Monks at Thailand’s largest Buddhist temple Wat Dhammakaya accept an offering while police line up in the background. Photo: Supplied Columns of police form part of the stand-off at the temple. Photo: Supplied
A media scrum forms around senior police at the temple. Photo: Supplied
Bangkok: Thai authorities have delayed a planned raid on Thailand’s largest Buddhist temple to arrest its charismatic 72-year-old leader Phra Dhammachayo until after New Year celebrations.
Hundreds of police who had surrounded Wat Dhammakaya have withdrawn after moving obstacles and cutting a fence blocking access to its vast grounds on the outskirts of Bangkok.
Thousands of monks were chanting and vowing to create a human shield to prevent the arrest, raising the possibility of violence.
For months Phra Dhammachayo has refused to surrender to police on charges that include money laundering, receiving stolen property and encroaching on national forests.
Police are also pursing legal action against the temple over more than 200 allegations, including the unauthorised building of a chapel 35 years ago.
Thailand’s prime minister Prayuth Chan-ocha said late on Tuesday the arrest and prosecution of Phra Dhammachayo would proceed, but urged the media and public not to rush authorities.
Police arrived at the temple before dawn on Tuesday but were blocked from entering the temple.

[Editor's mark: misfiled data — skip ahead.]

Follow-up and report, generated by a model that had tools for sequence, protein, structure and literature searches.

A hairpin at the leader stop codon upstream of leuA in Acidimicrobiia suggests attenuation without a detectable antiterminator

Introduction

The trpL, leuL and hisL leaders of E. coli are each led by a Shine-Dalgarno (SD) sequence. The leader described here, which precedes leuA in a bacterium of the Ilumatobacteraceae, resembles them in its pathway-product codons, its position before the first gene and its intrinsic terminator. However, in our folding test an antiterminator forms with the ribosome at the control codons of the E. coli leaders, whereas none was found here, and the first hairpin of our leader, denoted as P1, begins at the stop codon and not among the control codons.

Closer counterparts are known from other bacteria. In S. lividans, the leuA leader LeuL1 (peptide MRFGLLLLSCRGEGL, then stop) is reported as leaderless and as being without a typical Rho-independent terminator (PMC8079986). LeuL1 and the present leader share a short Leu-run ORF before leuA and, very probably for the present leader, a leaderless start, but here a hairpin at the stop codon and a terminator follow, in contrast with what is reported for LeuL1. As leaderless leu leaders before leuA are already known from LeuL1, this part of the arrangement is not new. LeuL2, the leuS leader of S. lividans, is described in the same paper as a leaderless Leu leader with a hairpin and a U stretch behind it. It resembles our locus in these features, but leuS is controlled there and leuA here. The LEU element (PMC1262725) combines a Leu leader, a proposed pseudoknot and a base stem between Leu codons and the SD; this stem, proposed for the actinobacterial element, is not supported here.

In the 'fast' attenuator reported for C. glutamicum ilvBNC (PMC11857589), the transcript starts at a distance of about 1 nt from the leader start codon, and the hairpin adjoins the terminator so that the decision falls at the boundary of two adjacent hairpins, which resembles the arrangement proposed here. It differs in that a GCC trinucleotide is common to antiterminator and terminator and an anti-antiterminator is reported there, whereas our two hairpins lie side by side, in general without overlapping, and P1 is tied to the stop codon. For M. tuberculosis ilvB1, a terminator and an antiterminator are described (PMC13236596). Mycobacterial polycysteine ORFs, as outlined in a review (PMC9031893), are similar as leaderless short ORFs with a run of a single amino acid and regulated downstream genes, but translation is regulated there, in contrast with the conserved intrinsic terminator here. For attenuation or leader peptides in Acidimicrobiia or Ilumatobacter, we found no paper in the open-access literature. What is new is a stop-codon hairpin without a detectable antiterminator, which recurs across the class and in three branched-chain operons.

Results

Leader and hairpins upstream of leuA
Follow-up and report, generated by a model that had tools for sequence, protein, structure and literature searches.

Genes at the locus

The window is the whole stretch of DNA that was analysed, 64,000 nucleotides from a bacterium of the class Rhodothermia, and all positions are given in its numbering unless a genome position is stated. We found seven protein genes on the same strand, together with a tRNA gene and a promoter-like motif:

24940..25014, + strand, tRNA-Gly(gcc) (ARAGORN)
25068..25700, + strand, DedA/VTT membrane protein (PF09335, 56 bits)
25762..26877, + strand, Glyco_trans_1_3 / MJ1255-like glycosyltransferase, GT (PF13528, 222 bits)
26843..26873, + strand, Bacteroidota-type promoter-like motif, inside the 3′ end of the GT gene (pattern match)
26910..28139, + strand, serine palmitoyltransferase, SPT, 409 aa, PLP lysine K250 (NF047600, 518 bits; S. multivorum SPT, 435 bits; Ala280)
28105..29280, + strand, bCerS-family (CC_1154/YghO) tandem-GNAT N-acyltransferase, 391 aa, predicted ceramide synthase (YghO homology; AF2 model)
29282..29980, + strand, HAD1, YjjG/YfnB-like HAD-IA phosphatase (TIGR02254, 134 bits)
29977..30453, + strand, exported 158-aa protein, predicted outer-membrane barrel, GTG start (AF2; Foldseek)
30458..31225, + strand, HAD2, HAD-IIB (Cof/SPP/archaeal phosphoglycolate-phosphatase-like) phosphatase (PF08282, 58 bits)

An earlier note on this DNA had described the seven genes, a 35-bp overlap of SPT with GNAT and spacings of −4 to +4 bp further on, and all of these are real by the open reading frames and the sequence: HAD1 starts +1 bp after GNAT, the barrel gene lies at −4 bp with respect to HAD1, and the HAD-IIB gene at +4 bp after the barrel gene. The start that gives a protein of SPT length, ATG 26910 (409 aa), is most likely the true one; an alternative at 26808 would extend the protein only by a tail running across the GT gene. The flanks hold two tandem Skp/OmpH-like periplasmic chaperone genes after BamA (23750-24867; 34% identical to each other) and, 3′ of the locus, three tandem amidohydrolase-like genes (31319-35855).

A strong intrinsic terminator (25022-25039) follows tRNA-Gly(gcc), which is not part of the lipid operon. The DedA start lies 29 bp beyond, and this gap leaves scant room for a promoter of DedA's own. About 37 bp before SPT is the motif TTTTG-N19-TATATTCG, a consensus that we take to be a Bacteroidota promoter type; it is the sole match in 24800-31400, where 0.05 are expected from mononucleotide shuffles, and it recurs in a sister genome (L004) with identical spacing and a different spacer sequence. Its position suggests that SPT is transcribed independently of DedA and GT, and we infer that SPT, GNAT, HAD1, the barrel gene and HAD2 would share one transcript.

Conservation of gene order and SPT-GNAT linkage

At one gate monks wearing raincoats and masks on their faces put tables across the entrance, apparently to bat entry.
Police sent a drone to survey the temple but it came down in 10 minutes after someone apparently tried to cripple it with a laser.
The stand-off has unsettled Thailand’s military government and the country’s Buddhist hierarchy, which stripped Phra Dhammachayo of his official title in mid-December after accusing him of heresy. Thousand Police storm Buddhist Temple without search warrant while 10,000 devotees chanting inside. Is this legit? pic.twitter苏州夜网/T7RzLbL7rW— Dantamano Bhikkhu (@Dantamano) December 27, 2016
Temple spokesmen deny any wrongdoing, claiming in statements the arrest of Phra Dhammachayo, who attracts intense devotion from his thousands of followers, would be the “beginning of the destruction of Buddhism” in Buddhist-majority Thailand.
Temple spokesmen say the monks have no trust in the justice system under the military that toppled a democratically-elected government to seize power in 2014 and claim authorities are persecuting the temple out of envy because of the massive amounts of donations it receives.
They say Phra Dhammachayo, who has not been seen publicly for six months, is suffering diabetes and a clot in his leg.
Critics say the 46-year-old temple has deviated from the core teaching of Buddhism and stresses donations as the path to heaven.
“Buddha never taught us to live in hardship,” temple spokesman Phra Pasura Dantamano said recently.
Cash machines inside the temple declare: “Shortcut to merit making.”
In sermons, Phra Dhammachayo often exhorts his followers to be rich.
The centrepiece of the temple is a huge flat dome with 300,000 small Buddha statues made of silicon gold each as tall as an open hand and engraved with the name of a donor.
The temple has been linked in the past to support for the “red-shirts” movement backing exiled former prime minister Thaksin Shinawatra,
But Phra Dantamano insists the temple has supporters across Thailand’s political divide and that devotees are asked not to discuss politics inside the temple.